In the early years, Gloria invited some of the lab technicians who used to work with the chimpanzees to visit Fauna. Although these visits were ostensibly for the good of the chimpanzees — some of them had built genuine friendships with the techs — Gloria had an ulterior motive for them. She wanted to know the truth about life inside biomedical laboratories, the truth the researchers and companies don’t want the public to hear. And she quickly discovered that when lab workers are off the clock and experiencing extreme emotions, they often feel like sharing.
“When people come here, they tell me stuff,” she says. “Horrible stuff. Chimps with no fingers left because they’ve chewed them all off. Chimps with concussions from hitting the ground after being darted. Chimps who have such horrible wake-ups from anesthesia that they nearly kill themselves as they thrash around their room. Did you know the only time the chimps were allowed pain medication was after they’d had their vasectomies? They weren’t even allowed a Tylenol, because it would interfere with the science.”
Gloria collects these stories obsessively. They are crucial pieces of ammunition when it comes to swaying public opinion and getting the Great Ape Protection and Cost Savings Act passed into law. But she also collects these gruesome tales because she is terrified that no one else will.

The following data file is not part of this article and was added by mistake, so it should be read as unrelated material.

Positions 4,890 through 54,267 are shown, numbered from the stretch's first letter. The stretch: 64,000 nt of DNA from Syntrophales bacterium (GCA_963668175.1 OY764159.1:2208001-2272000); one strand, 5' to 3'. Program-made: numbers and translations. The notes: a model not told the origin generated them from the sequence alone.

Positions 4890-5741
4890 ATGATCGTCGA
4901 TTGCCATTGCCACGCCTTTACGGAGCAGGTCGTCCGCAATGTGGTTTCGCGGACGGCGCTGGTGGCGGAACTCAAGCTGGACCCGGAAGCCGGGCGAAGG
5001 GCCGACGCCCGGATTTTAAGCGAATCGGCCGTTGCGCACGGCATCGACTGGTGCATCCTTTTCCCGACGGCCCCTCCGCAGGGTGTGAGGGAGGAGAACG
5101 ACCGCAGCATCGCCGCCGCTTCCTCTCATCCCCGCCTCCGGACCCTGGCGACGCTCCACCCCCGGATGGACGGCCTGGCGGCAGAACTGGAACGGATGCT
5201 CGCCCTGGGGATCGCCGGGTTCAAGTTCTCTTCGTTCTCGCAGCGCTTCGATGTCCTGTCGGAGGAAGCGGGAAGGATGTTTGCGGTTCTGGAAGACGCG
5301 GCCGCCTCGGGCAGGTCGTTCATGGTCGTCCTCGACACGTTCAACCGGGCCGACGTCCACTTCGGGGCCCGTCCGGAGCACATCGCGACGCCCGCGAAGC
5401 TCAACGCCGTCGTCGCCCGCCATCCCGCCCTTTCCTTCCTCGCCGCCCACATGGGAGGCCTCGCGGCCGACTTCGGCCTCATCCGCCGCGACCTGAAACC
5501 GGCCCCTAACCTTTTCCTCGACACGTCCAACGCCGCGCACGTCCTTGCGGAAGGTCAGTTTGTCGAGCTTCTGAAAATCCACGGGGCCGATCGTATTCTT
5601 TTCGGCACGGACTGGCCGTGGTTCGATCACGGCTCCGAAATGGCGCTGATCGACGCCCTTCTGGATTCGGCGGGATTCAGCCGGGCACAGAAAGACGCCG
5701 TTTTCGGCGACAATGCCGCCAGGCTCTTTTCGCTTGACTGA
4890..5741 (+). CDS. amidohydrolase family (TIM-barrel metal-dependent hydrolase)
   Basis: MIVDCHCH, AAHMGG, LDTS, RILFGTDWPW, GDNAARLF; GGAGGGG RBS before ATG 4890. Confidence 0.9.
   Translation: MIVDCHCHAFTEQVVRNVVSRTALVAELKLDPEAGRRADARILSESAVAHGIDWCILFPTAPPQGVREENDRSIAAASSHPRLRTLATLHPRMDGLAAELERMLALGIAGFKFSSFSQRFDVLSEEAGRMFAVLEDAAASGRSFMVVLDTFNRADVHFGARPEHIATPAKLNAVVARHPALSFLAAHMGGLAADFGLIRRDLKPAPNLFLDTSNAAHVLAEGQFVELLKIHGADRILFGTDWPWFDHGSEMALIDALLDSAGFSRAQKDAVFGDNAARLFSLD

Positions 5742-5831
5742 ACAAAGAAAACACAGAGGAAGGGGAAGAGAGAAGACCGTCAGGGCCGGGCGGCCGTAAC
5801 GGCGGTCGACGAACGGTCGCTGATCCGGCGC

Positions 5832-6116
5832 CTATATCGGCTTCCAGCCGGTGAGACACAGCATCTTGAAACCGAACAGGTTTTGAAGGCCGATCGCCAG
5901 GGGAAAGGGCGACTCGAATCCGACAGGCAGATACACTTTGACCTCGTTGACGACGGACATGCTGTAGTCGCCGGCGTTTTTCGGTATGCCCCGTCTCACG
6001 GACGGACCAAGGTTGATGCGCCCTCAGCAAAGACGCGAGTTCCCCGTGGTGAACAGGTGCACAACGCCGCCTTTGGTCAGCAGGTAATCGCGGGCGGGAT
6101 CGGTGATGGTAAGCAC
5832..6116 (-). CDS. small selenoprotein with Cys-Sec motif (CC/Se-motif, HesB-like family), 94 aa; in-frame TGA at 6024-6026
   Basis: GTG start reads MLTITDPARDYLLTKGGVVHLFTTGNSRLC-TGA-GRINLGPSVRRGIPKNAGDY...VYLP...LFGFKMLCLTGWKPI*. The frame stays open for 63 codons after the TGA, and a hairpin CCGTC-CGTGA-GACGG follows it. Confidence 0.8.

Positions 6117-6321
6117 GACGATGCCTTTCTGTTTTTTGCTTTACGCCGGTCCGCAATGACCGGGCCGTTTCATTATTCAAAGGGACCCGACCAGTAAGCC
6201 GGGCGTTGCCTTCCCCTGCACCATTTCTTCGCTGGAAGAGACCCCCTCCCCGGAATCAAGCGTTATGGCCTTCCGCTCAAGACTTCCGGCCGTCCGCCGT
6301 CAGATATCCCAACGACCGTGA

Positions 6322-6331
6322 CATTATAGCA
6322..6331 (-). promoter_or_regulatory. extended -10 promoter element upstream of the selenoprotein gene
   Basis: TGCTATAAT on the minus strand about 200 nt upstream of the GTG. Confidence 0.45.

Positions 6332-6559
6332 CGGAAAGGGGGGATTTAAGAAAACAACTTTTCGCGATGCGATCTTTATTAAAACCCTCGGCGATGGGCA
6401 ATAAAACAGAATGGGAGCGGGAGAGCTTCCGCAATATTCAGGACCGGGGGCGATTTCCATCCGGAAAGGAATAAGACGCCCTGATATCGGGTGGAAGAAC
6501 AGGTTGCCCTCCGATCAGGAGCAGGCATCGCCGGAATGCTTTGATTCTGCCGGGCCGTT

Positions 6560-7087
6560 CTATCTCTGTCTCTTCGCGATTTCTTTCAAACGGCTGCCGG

“Over the last twelve years, I’ve realized you can’t force people who worked in the lab to speak out publicly,” she says. “You can’t. Because they live in purgatory, in their own little hell. Most of them will never be able to deal with what they saw, what they did, what they were a part of – the crimes they committed against the chimps.” (more…)
Early in the evolution of Fauna, Gloria Grow received some sage advice from Dr. Jane Goodall when the famed primatologist and activist arrived at the sanctuary for the first of her many visits.
“I was so embarrassed,” Gloria says now. “I had to show Dr. Goodall where the chimps were living. What would she think of all the caging, all the padlocks? She’d seen them at [NYU’s Laboratory for Experimental Medicine and Surgery in Primates] already. In many ways, this place is still a prison.”
But Dr. Goodall was delighted. She spent the day interacting with the chimpanzees and speaking to Gloria and her staff. Her visit was a priceless source of inspiration during a very difficult time. “She told me we were doing the right thing,” says Gloria, tearing up as she remembers the relief that came with this statement. “She also reminded us not to expect too much too soon.”
One other piece of advice proved instrumental. “Jane told me there are certain things the chimps might need from their past,” says Gloria. At first, this seemed like odd counsel. How could there possibly be anything in their horrible past they might yearn for? But then it occurred to Gloria that many of her charges had lived very different lives before being sold into research. “Jane suggested I try to find things that will bring back good memories. So that’s what I did.” (more…)